Dutch elm disease is a fatal fungal disorder spread by the elm bark beetle. The fungus can be carried from a diseased tree to a healthy one by the beetle, by the roots of an infected tree grafting together underground with the roots of a healthy tree, or by contaminated pruning tools. There is no cure for the disease once a tree is infected.
American elms (Ulmus americana) are the most susceptible to the fungus; Siberian and Chinese elms are more resistant but can still contract the disease. Much research is currently underway to breed disease-resistant elms that still exhibit the desirable, open vase-shape of the American elm. One such tree is the new Accolade™ (Ulmus ‘Morton’) elm introduced by Chicagoland Grows®, Inc.
Description & Symptoms
The fungus causes the vascular system of the tree to become clogged, preventing the flow of water and nutrients from the soil to the upper canopy of the tree. This manifests itself in the characteristic "flagging" of solitary upper branches, where leaves suddenly wilt, turn green, yellow, or brown, curl, and drop off the tree. Often these symptoms are first noticed in June when one or two dead branches appear high in the tree.
Infected branches will also exhibit brown streaking in the sapwood immediately under the bark. Tissues must be cultured in a laboratory for positive identification of Dutch elm disease. Because there are other wilt diseases that can produce similar symptoms, homeowners should have their trees tested immediately if they observe branch dieback. Diseased trees must be quickly removed to prevent spread to neighboring elms.
The disease can spread quickly throughout the infected tree and to neighboring trees. If symptoms appear in late summer or early fall, homeowners might confuse the yellow or brown leaves with premature fall coloring. Dutch elm disease can kill smaller trees in one season; large mature trees might succumb in several years.
Treatment & Solutions
There are no chemicals available to homeowners to cure this disease. Commercial fungicides are available for Dutch elm disease; however, only licensed applicators are able to purchase and apply these fungicides. These products are injected into the infected tree and the need for retreatment ranges from one to three years. Fungicides injected into infected trees are less effective. Fungicides injected into trees with infected interlocking roots will also not be effective.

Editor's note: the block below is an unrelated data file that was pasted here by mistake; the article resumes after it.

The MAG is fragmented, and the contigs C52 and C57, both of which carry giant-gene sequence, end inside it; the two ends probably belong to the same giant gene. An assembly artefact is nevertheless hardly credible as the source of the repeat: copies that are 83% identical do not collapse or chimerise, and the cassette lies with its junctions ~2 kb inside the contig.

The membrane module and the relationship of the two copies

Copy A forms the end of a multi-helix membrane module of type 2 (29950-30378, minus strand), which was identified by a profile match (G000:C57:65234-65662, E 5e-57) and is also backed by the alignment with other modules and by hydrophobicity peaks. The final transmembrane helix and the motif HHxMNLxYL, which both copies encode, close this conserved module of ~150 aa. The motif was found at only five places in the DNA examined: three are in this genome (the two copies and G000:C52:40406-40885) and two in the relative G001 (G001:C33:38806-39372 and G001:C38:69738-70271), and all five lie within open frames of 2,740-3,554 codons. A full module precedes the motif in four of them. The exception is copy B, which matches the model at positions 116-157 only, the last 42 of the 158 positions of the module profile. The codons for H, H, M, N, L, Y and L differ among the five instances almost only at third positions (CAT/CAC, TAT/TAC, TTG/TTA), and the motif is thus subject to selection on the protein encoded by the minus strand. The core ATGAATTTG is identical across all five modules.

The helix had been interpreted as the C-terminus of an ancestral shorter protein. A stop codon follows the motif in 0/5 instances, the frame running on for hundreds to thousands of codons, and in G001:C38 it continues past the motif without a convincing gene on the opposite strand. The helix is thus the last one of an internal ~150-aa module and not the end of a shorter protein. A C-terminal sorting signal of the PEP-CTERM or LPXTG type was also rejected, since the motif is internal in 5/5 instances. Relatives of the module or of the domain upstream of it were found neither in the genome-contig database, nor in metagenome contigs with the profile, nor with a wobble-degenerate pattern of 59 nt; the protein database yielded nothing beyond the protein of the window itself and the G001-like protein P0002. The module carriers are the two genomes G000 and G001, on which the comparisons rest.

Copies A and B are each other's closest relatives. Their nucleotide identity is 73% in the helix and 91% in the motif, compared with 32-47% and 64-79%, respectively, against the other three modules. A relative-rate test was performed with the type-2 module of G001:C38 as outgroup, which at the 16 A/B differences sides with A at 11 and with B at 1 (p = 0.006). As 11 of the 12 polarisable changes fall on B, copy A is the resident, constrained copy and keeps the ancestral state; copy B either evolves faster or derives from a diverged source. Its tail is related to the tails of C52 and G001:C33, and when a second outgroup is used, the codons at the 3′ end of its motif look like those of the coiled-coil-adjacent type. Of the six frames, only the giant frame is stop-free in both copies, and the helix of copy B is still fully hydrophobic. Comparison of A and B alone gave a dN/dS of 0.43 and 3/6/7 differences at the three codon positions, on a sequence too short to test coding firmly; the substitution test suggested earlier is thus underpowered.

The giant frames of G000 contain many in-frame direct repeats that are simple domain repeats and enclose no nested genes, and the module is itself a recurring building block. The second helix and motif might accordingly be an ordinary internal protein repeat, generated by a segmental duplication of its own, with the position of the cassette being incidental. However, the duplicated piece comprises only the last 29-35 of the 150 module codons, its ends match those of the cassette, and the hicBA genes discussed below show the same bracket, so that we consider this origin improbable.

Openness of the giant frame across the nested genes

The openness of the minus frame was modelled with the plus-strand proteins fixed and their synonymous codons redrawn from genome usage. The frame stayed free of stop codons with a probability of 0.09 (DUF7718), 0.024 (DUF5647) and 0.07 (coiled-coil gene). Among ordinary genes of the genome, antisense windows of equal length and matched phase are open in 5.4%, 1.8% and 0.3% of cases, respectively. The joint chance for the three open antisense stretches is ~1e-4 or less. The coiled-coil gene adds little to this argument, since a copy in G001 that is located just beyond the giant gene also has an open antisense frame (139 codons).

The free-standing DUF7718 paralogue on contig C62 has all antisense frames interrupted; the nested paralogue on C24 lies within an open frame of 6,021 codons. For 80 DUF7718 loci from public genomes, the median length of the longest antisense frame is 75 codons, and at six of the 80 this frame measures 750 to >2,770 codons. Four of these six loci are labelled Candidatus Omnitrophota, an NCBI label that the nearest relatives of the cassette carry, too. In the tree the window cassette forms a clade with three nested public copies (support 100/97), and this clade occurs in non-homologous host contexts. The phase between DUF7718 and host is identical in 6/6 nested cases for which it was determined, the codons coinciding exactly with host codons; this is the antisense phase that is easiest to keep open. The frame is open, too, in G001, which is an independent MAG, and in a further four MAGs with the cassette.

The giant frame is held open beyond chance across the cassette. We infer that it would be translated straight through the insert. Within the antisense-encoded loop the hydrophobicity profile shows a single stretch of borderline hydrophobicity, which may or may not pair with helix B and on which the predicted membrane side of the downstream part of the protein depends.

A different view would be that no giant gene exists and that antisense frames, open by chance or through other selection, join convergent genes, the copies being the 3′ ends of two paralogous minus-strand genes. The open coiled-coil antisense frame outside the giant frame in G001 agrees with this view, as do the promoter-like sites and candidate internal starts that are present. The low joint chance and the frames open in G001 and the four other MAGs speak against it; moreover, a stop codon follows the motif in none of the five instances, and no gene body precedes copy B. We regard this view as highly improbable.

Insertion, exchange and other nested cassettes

Losing mature trees that are over a hundred years old can be an emotional experience for homeowners, and some will go to any length to prolong the years they can enjoy their trees. When choosing a large shade tree for parks, lawns, or parkways, homeowners are encouraged to plant disease- and insect-resistant varieties and to avoid planting only one type of tree in their neighborhoods.
For those who own American elms, keeping the tree healthy and reducing stress is the best prevention. Make sure elms receive one inch of water per week, especially during periods of drought. Consider deep-root fertilization every few years. Avoid growing grass right up to the trunk of the tree. Gently peel back turf to create as large an area as possible (optimally out to the drip line of the tree) where shredded mulch or wood chips can be applied two inches thick. Watch your tree diligently for the first signs of problems: bare branches in the upper canopy, yellowing or dropping leaves in spring or summer, late or stunted growth. Also, keep a close watch on the health of neighboring elms, since the disease spreads quickly.
For more information, recommendations, or a list of certified arborists, please contact Plant Information Service at (847) 835-0972 or via e-mail at firstname.lastname@example.org.